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Health, Science & Environment

Expert tips to stay healthy during summer travel and festival season

A man blows his nose while sitting next a swimming poll with a cup of tea.
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It's summertime, but that doesn’t mean that respiratory viruses like cold and flu have gone away. Summer bugs and illnesses are out there – and can be easy to catch while traveling or attending concerts and festivals.

Dr. Barbara Bawer, clinical assistant professor of family and community medicine at Ohio State University's Wexner Medical Center, talked with WOSU about how to stay healthy this summer.

Allie Vugrincic: When I think of respiratory illnesses like the flu in the cold, I think of the winter. How big of an issue are summer sicknesses and what should people be looking out for?

Dr. Barbara Bawer: Yeah. So, while you are correct, typically those things do occur primarily in the winter months, it doesn't mean that you can't get the cold or the flu the rest of the year.

And, you know, sometimes you can see this in social media or out there in the public as known as kind of “festival flu” or “festival colds.” And that's because we go to summer festivals. You're still around a lot of people in those instances, right? who are, possibly coughing, sneezing and everyone sort of grouped close together, you know, possibly sharing things like food items, drink items.

It creates this sort of – another perfect environment for the spread of, you know, cold and flu like symptoms as well as those viruses.

Allie Vugrincic: So, cold and flu are obviously, always out there. Are there any new bugs that we should be watching out for right now?

Dr. Barbara Bawer: So, they're not specifically any new bugs. I will say, there's always mutations or variations to all these different kind of small little viruses.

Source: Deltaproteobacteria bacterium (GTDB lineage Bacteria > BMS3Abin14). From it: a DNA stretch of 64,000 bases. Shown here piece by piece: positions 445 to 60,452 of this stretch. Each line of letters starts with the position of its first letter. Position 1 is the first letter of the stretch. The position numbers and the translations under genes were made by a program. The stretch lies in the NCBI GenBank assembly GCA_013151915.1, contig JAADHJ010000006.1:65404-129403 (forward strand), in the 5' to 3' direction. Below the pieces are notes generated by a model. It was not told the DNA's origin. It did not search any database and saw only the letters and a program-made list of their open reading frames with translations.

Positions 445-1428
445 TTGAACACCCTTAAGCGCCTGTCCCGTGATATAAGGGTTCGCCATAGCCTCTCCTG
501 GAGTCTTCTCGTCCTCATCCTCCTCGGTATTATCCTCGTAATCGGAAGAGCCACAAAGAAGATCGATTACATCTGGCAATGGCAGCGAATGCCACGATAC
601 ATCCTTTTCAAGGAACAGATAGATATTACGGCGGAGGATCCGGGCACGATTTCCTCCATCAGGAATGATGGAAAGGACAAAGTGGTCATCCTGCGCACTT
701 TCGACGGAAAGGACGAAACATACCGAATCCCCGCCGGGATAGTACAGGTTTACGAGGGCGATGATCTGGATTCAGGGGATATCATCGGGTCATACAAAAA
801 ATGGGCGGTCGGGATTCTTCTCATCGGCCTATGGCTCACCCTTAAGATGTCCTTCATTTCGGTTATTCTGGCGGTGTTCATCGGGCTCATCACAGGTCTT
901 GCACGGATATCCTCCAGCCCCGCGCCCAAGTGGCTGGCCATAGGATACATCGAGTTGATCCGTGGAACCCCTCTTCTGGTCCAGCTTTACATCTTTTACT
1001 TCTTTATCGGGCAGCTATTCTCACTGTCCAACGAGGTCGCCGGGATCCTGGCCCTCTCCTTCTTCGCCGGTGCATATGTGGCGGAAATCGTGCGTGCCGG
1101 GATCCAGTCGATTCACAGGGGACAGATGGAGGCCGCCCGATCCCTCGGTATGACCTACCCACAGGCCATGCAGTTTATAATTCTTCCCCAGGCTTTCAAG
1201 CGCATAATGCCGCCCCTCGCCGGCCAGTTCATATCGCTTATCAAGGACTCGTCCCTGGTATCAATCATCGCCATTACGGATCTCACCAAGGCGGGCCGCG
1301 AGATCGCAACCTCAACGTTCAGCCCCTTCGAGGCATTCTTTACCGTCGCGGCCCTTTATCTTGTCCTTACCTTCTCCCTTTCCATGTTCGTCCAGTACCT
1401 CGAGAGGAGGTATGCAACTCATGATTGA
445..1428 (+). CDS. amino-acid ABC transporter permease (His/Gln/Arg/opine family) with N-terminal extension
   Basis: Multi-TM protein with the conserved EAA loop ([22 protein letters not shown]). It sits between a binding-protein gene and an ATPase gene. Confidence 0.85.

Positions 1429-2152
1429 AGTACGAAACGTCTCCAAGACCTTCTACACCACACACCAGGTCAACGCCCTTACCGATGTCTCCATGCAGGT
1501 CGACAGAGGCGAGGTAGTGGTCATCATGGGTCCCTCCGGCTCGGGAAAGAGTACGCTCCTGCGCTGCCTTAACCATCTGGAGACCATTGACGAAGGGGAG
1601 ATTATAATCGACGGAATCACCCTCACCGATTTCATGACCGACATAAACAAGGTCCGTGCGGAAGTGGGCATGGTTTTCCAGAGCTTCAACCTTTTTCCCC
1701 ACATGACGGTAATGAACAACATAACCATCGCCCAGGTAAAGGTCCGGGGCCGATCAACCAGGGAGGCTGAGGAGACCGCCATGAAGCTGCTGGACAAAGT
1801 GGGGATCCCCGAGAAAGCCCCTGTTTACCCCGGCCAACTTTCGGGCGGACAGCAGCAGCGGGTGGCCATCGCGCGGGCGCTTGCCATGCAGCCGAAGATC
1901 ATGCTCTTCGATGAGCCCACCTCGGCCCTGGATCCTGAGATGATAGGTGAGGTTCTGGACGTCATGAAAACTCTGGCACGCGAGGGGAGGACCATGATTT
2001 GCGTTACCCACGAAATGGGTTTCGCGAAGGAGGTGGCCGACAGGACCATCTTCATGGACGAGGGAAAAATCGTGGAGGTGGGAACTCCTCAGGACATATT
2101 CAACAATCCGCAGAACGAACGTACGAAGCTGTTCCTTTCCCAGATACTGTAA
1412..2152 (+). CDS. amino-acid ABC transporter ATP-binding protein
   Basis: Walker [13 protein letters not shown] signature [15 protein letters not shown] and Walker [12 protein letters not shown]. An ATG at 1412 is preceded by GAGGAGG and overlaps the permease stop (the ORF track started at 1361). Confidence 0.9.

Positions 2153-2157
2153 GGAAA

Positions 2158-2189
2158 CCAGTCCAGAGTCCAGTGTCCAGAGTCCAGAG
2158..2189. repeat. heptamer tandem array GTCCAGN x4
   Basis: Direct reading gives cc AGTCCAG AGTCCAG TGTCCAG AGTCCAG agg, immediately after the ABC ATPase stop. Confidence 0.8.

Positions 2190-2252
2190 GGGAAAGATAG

Another big one that maybe people don't think of, or they think of it as kind of a “cruise ship virus” is the norovirus. It is usually obtained through contaminated food or water. This can happen when you're on hiking trips or camping trips, when maybe you don't have clean supplies, or there is someone who's sick in your trip. And then this isn't really a virus, but, ticks – ticks are obviously a big, big problem. And if anything, they're becoming more of an issue.

As climate change occurs and, you know, there's warmer environments and more humid environments around the country. And so those are probably the big things to worry about.

Allie Vugrincic: We certainly talk about COVID less now than we used to, but that's not gone either. The last few summers have seen some new COVID variants. Are we seeing any of those this year?

Dr. Barbara Bawer: Yes. So again, just like any virus, COVID is a virus. And so, it's going to continue to mutate. You know, are a lot of people dying from it like they did with those initial strains? No. But I will say that people are still dying from it, especially if you have, multiple medical problems or other conditions that can increase your risk if you're immunocompromised in any way.

Allie Vugrincic: I'm also curious about masks. The CDC and the World Health both have some vague guidance that says you can wear a mask if you feel sick or if you're traveling. Are there situations where people should still be wearing them?

Dr. Barbara Bawer: Yes. So, while yes, the spread of COVID and again, with the variants right now out there that maybe are a little less concerning – you know, there's no more strict criteria on wearing the mask.

We still recommend (it), though, that if you're going to be certainly in a medical environment of any kind, so a hospital or even your doctor's office, certainly music festivals would be ideal just because you're around other people or anywhere where you're going to be on an enclosed space.

So, airplanes, 100%, you're breathing very similar circulating air, even though there are some filters. People are also traveling from other countries. And so, you're sort of passing all kinds of germs just in the airport environment. And during travel, your body is also immune compromised. And that's because, you know, stress, changing time zones, lack of sleep.

Allie Vugrincic: Is there anything else that people should know if they're traveling, say, this weekend?

Dr. Barbara Bawer: Really, it's all about being vigilant. So, washing your hands, being smart. If someone's coughing or sneezing around you, go away. Get a step away from that area. It's not to say you have to live your life in fear at all times, but the more you can help yourself, obviously minimize the exposure to these things, the better off you'll be.

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Allie Vugrincic has been a radio reporter at WOSU 89.7 NPR News since March 2023.